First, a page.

the standing dead
The Standing Dead: Book Two of the Stone Dance of the Chamelion by Ricardo Pinto Tor Books; 1st edition (March 2003) ISBN: 0312872097
This is the second of a three-part story. I was given Part One (The Chosen) as a gift, and was thoroughly impressed with the imaginative world created by Pinto. The depth of the culture (blood-taints, flesh tithes, a robust caste system, The Wise) were all fascinating, and the world-builder / role-player in me went wild. I was caught off-guard by the -- at first suggestive, and ultimately outright -- homosexual content, but quickly moved past that. (Clive Barker's Imajica was a good preparatory book, if this kind of thing bothers you.)
On the whole I enjoyed The Standing Dead, but not as much asI had enjoyed The Chosen. Perhaps it was because some of the novelty -- indeed, some of the awe -- of the the world of the Masters had worn off. Mostly, though, I think I just grew weary of the story: the suffering, the heartache, the helplessness. Having finished it, I realize the necessity of such laborious explication as a means to establish the action in the third book.
The protaginist, Carnelian, is excused much of his ignorance in the first book due to his upbringing with his exiled father. We the readers share his revulsion and horror as he is exposed to the brutality and wanton disregard for life exhibited by the Masters. But Carnelian's poor choices in The Standing Dead grow tedious, and their rationale / motivation contrived. At several points I was ready to throw my hands in the air and just say "Oh, come on!"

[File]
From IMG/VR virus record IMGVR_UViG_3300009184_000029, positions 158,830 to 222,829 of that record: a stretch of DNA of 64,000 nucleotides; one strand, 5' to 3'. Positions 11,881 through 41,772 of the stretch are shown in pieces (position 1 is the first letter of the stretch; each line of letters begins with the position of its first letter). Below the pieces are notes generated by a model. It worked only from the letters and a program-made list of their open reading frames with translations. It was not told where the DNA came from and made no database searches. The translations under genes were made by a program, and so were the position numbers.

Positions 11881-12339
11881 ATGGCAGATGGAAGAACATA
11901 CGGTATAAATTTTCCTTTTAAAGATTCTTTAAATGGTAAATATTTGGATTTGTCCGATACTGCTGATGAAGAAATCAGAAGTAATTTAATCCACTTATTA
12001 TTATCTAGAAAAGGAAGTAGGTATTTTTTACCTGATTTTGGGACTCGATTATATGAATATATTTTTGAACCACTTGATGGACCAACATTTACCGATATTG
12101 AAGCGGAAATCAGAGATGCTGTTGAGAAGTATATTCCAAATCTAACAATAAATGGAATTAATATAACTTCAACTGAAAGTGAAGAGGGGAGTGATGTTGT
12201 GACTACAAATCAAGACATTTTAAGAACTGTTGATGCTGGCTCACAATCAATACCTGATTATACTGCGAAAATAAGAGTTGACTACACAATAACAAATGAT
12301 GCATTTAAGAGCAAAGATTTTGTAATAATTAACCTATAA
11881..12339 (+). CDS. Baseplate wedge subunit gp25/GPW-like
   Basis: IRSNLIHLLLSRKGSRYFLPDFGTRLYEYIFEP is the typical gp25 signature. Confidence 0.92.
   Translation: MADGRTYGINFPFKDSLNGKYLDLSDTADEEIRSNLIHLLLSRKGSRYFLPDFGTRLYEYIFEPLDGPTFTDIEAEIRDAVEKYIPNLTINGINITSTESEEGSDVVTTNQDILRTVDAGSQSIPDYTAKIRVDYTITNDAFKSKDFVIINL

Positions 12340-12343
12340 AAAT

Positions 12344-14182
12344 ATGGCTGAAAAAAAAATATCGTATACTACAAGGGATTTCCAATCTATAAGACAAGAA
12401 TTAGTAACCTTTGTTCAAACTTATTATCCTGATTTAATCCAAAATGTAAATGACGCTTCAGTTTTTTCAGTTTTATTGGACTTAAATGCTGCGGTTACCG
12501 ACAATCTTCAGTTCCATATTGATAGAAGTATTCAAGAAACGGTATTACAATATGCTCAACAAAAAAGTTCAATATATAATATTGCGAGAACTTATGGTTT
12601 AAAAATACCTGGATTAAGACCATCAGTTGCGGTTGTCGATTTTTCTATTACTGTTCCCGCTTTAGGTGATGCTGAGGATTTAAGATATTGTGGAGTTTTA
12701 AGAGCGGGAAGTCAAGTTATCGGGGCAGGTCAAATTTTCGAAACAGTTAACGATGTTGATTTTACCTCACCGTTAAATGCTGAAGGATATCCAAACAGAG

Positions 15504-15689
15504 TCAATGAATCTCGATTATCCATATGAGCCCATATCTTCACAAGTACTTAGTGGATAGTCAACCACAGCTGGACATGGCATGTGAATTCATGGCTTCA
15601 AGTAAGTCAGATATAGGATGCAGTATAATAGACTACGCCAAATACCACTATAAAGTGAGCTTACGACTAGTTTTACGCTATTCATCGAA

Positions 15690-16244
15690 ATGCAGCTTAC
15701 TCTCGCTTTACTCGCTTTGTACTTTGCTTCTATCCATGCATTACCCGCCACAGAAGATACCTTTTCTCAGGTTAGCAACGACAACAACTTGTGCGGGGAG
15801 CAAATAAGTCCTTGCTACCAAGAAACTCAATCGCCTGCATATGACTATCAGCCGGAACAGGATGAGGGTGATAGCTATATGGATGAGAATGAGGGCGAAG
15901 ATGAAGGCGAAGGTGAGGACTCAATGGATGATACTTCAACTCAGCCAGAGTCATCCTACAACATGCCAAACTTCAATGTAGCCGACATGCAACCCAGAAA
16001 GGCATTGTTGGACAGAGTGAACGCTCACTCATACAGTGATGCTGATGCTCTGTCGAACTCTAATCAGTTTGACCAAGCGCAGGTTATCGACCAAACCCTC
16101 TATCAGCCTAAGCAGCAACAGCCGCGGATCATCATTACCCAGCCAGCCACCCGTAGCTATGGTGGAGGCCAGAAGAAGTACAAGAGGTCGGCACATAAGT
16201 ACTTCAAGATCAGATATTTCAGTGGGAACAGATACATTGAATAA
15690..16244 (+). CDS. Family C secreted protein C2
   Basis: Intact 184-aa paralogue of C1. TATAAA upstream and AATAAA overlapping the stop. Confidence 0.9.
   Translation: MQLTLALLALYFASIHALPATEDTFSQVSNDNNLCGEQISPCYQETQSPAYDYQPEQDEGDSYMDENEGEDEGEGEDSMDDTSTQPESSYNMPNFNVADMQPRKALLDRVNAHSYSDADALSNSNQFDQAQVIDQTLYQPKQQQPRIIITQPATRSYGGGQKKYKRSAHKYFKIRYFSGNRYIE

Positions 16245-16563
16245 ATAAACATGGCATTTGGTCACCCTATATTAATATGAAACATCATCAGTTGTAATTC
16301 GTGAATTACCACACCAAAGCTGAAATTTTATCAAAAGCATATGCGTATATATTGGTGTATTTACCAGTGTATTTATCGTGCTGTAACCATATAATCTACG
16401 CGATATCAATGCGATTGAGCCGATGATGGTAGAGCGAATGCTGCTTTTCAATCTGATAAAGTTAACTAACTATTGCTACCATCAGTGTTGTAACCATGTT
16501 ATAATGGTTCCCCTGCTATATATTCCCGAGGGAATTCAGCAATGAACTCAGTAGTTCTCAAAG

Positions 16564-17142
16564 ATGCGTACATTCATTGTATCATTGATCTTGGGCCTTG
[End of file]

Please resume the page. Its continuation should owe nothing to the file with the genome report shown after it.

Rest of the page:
Having made that complaint, on the whole I enjoyed the book. I enjoyed the depth of attention given to the lifestyle of the barbarian clans, and appreciated the contrast it presented to the society of the Masters (brutes living in dignity versus the dignified living in brutality). The contrast was at times a little heavy-handed, but most of the character development was plausible and well executed. One of the things I most loved about both of the books is that Pinto doesn't give you patent explanations for much of the world. He'll present a term as used by the characters in their world, and leave you to figure out what it is through contextual clues (raveners, earthers, and heaveners are all examples of this). Personally, I love this style of story telling. It makes the unravelling story that much more rewarding.
Ricardo Pinto's website contains a wealth of additional information.